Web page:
Chapter 3, also by DeVries, offers a comprehensive discussion of the textual sources relevant for the chronology of Gordion. It provides references for the figure of Midas in the Greek, Roman and Byzantine traditions, as well as in the Neo-Assyrian texts. It also includes a short section on the textual sources for the Kimmerians in Anatolia. The ambiguity of all of these textual sources is highlighted, and the many contradictions between them. DeVries does not offer explanations for this, but there is an implied critique of positivist readings of these texts, and the suggestion that a more nuanced reading of the texts as literary constructions may be more fruitful.
Chapter 4, by Kenneth Sams, focuses on the finds from Gordion. Sams considers a range of different classes of material, including carved stone orthostats, bronze fibulae, arrowheads, and a fragmentary Phrygian inscription. Where individual objects have been used as keystones for chronology, their archaeological contexts are closely considered, and parallels are discussed. Sams also presents the ceramics, focusing particularly on vessels with painted animal decoration, and fine black-polished wares. This evidence from finds, Sams tells us, is consistent with the new chronology for the Iron Age. However, the new chronology also has some significant implications for the interpretation of some of these finds. Sams mentions this briefly in the context of certain pottery styles, but does not go into detail about it here.
Chapter 5 is the longest chapter of the book, and presents the dendrochonological work done at Gordion. Ian Kuniholm, Maryanne Newton and Richard Liebhart introduce the history of dendrochronological analysis at the site, which goes back to the late 1950s. The chapter goes on to discuss the establishment of a full Anatolian dendrochronological chart, and highlights some of the non-chronological insights that can be gained from analysis of the wooden remains. A longer discussion describes the various techniques used over the year to achieve absolute dates in the dendrochronological sequence, including use of radiocarbon. The methodological discussion is full, and includes reflections on sampling strategies, statistical methods, and the potential pitfalls of radiocarbon. A detailed appendix with tables, graphs and accompanying commentary allows readers to explore the research further.
The sixth chapter, by Sturt Manning and Bernd Kromer, is concerned with the radiocarbon dating of the site, and focuses in particular on the Early Phrygian destruction layer (YHSS 6A). The chapter summarises all the radiocarbon dating work conducted at Gordion up until 2010, explicitly addressing the potential problems with the data and making reference to the tree-ring samples first mentioned in Chapter 5. Once again, this chapter contains detailed discussion of sampling methods and tools of analysis, presenting raw data as well as interpretation. This chapter, like the others before it, concludes in favour of the new Iron Age chronology.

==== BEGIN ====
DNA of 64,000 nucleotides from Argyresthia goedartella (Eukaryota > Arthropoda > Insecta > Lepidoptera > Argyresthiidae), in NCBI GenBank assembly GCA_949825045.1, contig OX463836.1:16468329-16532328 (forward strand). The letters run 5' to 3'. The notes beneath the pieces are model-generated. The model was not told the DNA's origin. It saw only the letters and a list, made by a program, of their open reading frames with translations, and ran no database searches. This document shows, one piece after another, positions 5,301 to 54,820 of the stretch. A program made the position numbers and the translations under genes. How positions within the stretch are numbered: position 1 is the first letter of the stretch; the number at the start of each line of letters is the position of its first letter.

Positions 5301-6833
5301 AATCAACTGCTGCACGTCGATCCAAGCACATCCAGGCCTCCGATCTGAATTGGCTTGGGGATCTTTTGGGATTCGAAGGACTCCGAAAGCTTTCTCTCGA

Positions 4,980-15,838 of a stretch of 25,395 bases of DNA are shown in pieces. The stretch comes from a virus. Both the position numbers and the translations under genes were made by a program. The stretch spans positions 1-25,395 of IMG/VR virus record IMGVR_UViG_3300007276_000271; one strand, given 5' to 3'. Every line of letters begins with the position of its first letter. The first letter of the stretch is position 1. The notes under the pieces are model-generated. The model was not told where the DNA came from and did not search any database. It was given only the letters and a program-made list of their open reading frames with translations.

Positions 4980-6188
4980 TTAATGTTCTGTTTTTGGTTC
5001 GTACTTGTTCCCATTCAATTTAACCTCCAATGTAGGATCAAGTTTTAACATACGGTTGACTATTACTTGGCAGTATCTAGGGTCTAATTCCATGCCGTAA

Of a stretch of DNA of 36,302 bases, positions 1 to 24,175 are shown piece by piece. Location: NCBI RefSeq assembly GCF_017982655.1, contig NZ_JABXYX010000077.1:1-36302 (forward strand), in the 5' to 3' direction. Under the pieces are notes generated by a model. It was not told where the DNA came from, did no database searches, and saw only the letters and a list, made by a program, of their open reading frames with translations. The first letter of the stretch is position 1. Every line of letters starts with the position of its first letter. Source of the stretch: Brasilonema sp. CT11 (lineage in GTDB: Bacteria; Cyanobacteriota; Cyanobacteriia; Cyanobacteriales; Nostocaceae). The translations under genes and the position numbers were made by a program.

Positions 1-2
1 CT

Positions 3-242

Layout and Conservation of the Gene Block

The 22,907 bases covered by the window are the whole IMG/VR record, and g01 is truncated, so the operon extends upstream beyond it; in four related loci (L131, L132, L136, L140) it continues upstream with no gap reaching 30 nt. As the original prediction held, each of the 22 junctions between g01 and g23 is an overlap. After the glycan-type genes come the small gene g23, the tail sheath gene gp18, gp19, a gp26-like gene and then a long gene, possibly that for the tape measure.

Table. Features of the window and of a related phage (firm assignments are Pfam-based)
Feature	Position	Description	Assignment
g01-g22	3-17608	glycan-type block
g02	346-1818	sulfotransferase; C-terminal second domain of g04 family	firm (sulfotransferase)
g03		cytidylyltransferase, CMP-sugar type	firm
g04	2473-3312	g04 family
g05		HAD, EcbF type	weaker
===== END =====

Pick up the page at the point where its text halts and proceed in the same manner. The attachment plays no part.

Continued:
The final concluding chapter, by Kenneth Sams and Mary Voigt, summarises the latest understanding of Gordion’s development over the Iron Age, describing the various complex phases of construction and re-construction from the tenth until the fourth century BC. The establishment of the new chronology has meant that a clearer picture can be gained of the site’s development, and new interpretations must be put forward for its history. Sams and Voigt highlight some areas where the new chronology has brought forth new insights, such as the sequence and occupants of the tumulus burials, and the character of Kimmerian activity in Anatolia. However, the implications of the new Gordion chronology for Anatolian and Near Eastern archaeology are far broader than any of the authors, in their modesty, claim. The idea of a ‘Dark Age’ in the Early Iron Age has long been critiqued, but with back-dating of the monumental Gordion remains into the tenth century, this idea must finally be abandoned. The political map of the Near East must also be redrafted, to take into account Gordion as a peer and contemporary of the Neo-Hittite states in the east. Finally, the comprehensive publication of this work allows other scholars to build on the research done at Gordion, to shed even more light on the Anatolian Iron Age.